“Running, are we?” Smith sneered. “Giving up on the man you love so easily?”

Lumi unzipped the bag and drew the canister free with a triumphant grin. As she felt Smith’s fingers close around her ankles, and the next moment, Lumi found herself hurtling toward the ground. Her chin hit the dirt, and her vision blurred as her ears rang. Instinctively, she kicked behind her, trying to keep Smith away as she felt the woman’s hands on her calves.

“Never,” Lumi gasped.

She rolled onto her back, sat up, and stared at the woman clawing at her legs. For a brief moment, she felt pity for Smith, seeing her white dress stained with grass and dirt, her eyes full of anger. But pity only went so far. She had hurt Tapio and made a mess of their evening plans. She kicked Smith in the face, making the other woman scream with fury, and used the momentary distraction to shake herself free. She crawled several feet away before leveling the canister’s nozzle in Smith’s direction.

“He’ll never be yours! He was promised to me by divine proclamation! There’s nothing you can do about it!” Smith yelled.

“You. Talk. Too. Much!” Lumi pressed the trigger, releasing an angry chemical stream toward Smith. The spray emanated in a fog, and while her opponent didn’t take it full blast to the face like a can of mace, the potent contents immediately disabled Smith the moment the cloud enveloped her. Lumi watched the mist begin to drift as Smith coughed violently and covered her eyes, yowling in pain.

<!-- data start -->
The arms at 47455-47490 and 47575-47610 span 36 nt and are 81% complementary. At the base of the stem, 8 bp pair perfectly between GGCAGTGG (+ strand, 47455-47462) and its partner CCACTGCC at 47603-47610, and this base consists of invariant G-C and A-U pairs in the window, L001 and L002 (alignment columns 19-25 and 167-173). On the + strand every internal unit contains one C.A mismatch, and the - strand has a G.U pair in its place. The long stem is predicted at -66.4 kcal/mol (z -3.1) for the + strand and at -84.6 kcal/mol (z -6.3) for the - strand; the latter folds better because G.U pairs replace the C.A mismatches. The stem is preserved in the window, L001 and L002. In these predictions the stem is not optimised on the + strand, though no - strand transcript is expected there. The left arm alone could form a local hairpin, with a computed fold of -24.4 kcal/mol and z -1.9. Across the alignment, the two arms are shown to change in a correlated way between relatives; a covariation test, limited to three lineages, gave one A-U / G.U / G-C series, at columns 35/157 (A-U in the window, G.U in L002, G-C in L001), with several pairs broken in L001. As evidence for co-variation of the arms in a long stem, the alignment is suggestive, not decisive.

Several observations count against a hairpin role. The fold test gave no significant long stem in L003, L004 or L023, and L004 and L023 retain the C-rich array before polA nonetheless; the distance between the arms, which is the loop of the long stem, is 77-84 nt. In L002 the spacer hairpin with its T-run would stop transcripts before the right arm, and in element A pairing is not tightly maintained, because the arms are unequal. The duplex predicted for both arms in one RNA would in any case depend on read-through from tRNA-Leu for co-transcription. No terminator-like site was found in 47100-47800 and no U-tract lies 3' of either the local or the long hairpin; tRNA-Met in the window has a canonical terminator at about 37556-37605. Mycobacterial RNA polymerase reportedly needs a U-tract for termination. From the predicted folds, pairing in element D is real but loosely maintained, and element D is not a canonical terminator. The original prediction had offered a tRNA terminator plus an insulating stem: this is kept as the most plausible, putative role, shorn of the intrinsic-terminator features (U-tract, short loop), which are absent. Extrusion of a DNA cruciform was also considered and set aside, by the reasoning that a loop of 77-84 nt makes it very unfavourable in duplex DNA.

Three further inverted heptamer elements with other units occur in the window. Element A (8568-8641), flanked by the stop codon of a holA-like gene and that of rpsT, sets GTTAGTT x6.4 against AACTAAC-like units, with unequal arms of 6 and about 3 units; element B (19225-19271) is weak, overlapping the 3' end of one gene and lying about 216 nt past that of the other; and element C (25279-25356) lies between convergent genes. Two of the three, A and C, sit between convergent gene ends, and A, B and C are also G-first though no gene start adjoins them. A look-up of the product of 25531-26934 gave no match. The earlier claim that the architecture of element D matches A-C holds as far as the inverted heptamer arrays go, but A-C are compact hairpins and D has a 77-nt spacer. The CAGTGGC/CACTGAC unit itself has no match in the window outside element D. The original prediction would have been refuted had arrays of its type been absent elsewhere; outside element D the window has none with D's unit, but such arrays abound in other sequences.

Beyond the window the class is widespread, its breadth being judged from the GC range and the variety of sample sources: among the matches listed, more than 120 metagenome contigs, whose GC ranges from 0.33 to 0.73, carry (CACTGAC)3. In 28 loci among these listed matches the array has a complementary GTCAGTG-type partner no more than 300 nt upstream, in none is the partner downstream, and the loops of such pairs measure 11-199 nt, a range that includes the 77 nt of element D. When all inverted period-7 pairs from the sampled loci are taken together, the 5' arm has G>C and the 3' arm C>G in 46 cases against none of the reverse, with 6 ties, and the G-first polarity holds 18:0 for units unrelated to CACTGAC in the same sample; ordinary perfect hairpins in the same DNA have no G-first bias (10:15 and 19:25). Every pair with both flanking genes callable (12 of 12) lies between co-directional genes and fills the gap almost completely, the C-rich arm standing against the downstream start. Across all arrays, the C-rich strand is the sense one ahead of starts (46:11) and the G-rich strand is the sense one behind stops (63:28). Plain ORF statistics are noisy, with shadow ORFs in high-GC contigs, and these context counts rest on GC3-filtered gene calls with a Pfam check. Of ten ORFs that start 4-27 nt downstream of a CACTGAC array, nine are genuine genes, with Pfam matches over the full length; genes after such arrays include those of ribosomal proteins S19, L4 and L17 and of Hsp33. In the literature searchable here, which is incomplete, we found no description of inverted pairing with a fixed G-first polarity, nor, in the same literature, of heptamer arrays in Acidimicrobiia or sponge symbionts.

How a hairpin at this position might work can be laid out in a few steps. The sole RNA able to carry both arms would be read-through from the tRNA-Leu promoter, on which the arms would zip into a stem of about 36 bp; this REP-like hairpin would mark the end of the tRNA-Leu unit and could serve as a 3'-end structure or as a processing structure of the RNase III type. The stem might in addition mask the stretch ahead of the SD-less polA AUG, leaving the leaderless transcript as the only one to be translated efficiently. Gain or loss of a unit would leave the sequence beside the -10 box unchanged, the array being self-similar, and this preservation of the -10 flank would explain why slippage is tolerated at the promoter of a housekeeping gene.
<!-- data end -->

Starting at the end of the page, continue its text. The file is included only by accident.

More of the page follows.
“Everyone, you better leave now!” Lumi yelled as she got to her feet and followed her own advice, putting as much distance between her and the spray as possible.

Screams erupted atop the hill as the capsaicin cloud drifted toward the merrymakers. None of them considered saving their leader for a moment as they fled down the sides of the hill like rats abandoning a sinking ship. Ignoring Smith’s cries of agony, Lumi hurried to Tapio’s side and tugged on his jacket. He stood immovable, his skin still gray.

“Okay, bud, we gotta go,” she said in a panic, her eyes watering. “Whatever this is, you gotta undo it.”

Lumi circled him and watched the cult members run in every direction below. At the foot of the hill, she spotted Imogen patiently guiding the followers back to the warehouse, and like children, they all did as instructed. For a moment, Imogen looked up at the hill and waved. She seemed more at ease than Lumi expected, which came as a relief. Whatever plan Oliver had, it must have been going well.